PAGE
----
Monday, 24 December 2007


I am not going to write on here until The New Year because I want to get loads of music done and stop kidding myself that The Internet is a valid place to spend time whilst waiting for creativity to strike. Happy Winterval!

Saturday, 22 December 2007

I Am What I Play

Club Creationism, Roz and I's shambolic venture into Playing Records For People, continued on Thursday with our first night at The Cooler. Dean from Off Beat Promotions has said we can do this after all his gigs there, which means every 1st and 3rd Thursday, and this one was special because it was his special Christmas Party special. Roz couldn't do it though because she wasn't feeling good, and so I had to do it by myself because both my other friends were busy.

Dean had warned that people have a habit of not sticking around after the bands (as evidenced by the last time the Lauras played there, when literally no-one stayed for the DJing), so I was getting a bit worried when as Brandon Steep announced their last song, half the crowd began looking for their bags and coats. I did have a couple of friends there though, as well as Big Jeff, so in persuading him to stay, I figured at least people would know what they were supposed to be doing - DANCING!

The clubnight that used to be on after Dean's gigs was called 'Beat Surrender', and was run by someone called John The Mod. So I took a risk and kicked off with The Jam. No-one danced, which perhaps explains why John The Mod now finds himself minus a clubnight, I thought to myself. So I played basically what I wanted to play, new and old, and it actually went quite well. From an empty dancefloor it slowly filled up until the majority of people were involved in some sort of pile-on to "Sound And Vision". The best bit was when someone recognised "I Was Born (A Unicorn)" from the drum intro. The second best bit was when I told someone No, I don't have any JOE LEAN, fucking hell. Bizarrely they were both the same person (I think it was Brandon Steep's keyboardist). Someone took my number and said that he does a lot of parties and he wanted me to DJ or something.

It started to wane about quarter to one and everyone went home. I got paid some money that will go towards Christmas presents. I felt a bit lonely being the last person to leave (except the bar-people, a race of their own), and more lonely again as I walked home with a very heavy CD case. But it was a pretty good night, I didn't fuck up really at all, and Roz and I have the chance to work on making this a Real and Established Clubnight, rather than an afterthought for people who aren't drunk enough to go home yet.

Monday, 17 December 2007


It's a Monday, which means yesterday was Sunday, which means today is the day after the day THE BUMBLEBEES made their live debut. Roz and Bert and Me (and our loyal fans Zoe And Jon And Bert's Dad) crammed in Bert's Dad's Van and headed up to Oxford, or more specifically the Port Mahon pub, where we were going to be the 2nd of 6 bands in an all-day gig put on by our friend Hog.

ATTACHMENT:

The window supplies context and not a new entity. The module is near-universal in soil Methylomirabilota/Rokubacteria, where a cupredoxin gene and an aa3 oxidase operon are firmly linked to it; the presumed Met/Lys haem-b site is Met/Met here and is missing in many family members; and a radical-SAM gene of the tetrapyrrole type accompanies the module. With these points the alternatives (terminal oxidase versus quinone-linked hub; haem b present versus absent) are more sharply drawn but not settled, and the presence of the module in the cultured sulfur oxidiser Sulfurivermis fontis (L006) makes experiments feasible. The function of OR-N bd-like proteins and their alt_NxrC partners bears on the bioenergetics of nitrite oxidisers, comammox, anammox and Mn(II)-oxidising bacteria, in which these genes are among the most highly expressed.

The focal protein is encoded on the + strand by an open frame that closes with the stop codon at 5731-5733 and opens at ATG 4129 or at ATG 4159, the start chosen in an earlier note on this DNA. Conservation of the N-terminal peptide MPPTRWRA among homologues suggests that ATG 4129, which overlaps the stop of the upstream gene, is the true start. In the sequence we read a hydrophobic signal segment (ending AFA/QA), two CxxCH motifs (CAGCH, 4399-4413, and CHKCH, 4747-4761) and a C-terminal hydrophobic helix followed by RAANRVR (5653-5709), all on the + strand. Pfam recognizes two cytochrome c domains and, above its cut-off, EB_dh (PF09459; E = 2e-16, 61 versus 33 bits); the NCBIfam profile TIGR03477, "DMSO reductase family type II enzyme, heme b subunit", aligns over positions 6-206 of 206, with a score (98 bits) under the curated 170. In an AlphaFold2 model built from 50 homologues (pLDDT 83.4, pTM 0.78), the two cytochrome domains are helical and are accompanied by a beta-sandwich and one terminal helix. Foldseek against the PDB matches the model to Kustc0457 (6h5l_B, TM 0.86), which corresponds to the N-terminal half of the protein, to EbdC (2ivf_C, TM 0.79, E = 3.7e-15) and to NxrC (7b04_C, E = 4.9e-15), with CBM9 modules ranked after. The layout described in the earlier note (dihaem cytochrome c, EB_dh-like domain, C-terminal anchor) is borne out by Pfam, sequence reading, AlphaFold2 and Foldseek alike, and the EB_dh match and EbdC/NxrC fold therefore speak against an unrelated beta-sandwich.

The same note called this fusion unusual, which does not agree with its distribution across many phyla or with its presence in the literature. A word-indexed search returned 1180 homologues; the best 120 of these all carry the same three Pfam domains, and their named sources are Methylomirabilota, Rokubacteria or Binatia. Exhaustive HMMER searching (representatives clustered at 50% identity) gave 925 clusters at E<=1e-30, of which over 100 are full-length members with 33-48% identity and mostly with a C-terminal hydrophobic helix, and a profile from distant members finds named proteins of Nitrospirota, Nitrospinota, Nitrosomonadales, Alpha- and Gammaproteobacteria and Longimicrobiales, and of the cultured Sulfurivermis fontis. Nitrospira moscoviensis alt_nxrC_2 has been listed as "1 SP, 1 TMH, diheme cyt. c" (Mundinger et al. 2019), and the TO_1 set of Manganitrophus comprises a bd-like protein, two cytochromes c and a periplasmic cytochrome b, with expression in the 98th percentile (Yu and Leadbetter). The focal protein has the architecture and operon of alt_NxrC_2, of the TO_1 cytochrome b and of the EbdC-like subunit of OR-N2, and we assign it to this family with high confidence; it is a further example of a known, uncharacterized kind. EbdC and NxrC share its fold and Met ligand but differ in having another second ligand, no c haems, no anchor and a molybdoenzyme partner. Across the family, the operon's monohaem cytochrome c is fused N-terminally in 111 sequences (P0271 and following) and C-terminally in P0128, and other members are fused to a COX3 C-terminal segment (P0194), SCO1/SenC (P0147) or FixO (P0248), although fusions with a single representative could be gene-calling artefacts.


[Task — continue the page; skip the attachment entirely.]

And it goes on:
After being thoroughly confused by Oxford's one-way system, we arrived for soundcheck and managed to squeeze out a couple of songs to a less than enraptured crowd of bored-looking musicians (the eventual crowd of about twenty would not respond much better). The sound system in use at the Port Mahon was temperamental to say the least, and although it sounded alright from Up On The Stage, it was impossible to guess what was coming through the PA. Going by the sound of the other bands we saw (all of whom were ENJOYABLE or better), the mix was probably quite BAD.

I thought the gig, in terms of performance, went pretty well. I felt like I sang with feeling and mainly in-tune, I didn't forget many words, and I remembered pretty much all the chords. We didn't lose track of the drum machine (although there was a horrible bit at the start when it made weird noises and I couldn't figure out why - it turned out to be the power lead), we started and finished all the songs at the same time, and we didn't say anything that offensive to the crowd (apart from "shut up", which I retracted quite soon afterwards).

We ran through all our sure-fire hits, from the athiest-funk of "Cool Science, to the animal-rights-funk of "Fluffy Clouds Of Joy", but we didn't seem to go down that well. I don't know whether we were a bit too plain for that crowd, or whether our music is just unlikable, but most songs were greeted with blank stares, or the bowed heads of people texting their friends, presumably to tell them not to hurry to the gig just yet. But..... it was a fun gig all the same. I need to have a bit more confidence, and not just give up because some people don't like us. Obviously I would rather we'd been carried home to ecstatic cheering from newly converted Bumblebees devotees, but it was still a good way to get rid of our performance nerves, and to figure out what worked and what didn't before we get ourselves a local gig. I just hope Bristolians have BETTER TASTE.

Thursday, 13 December 2007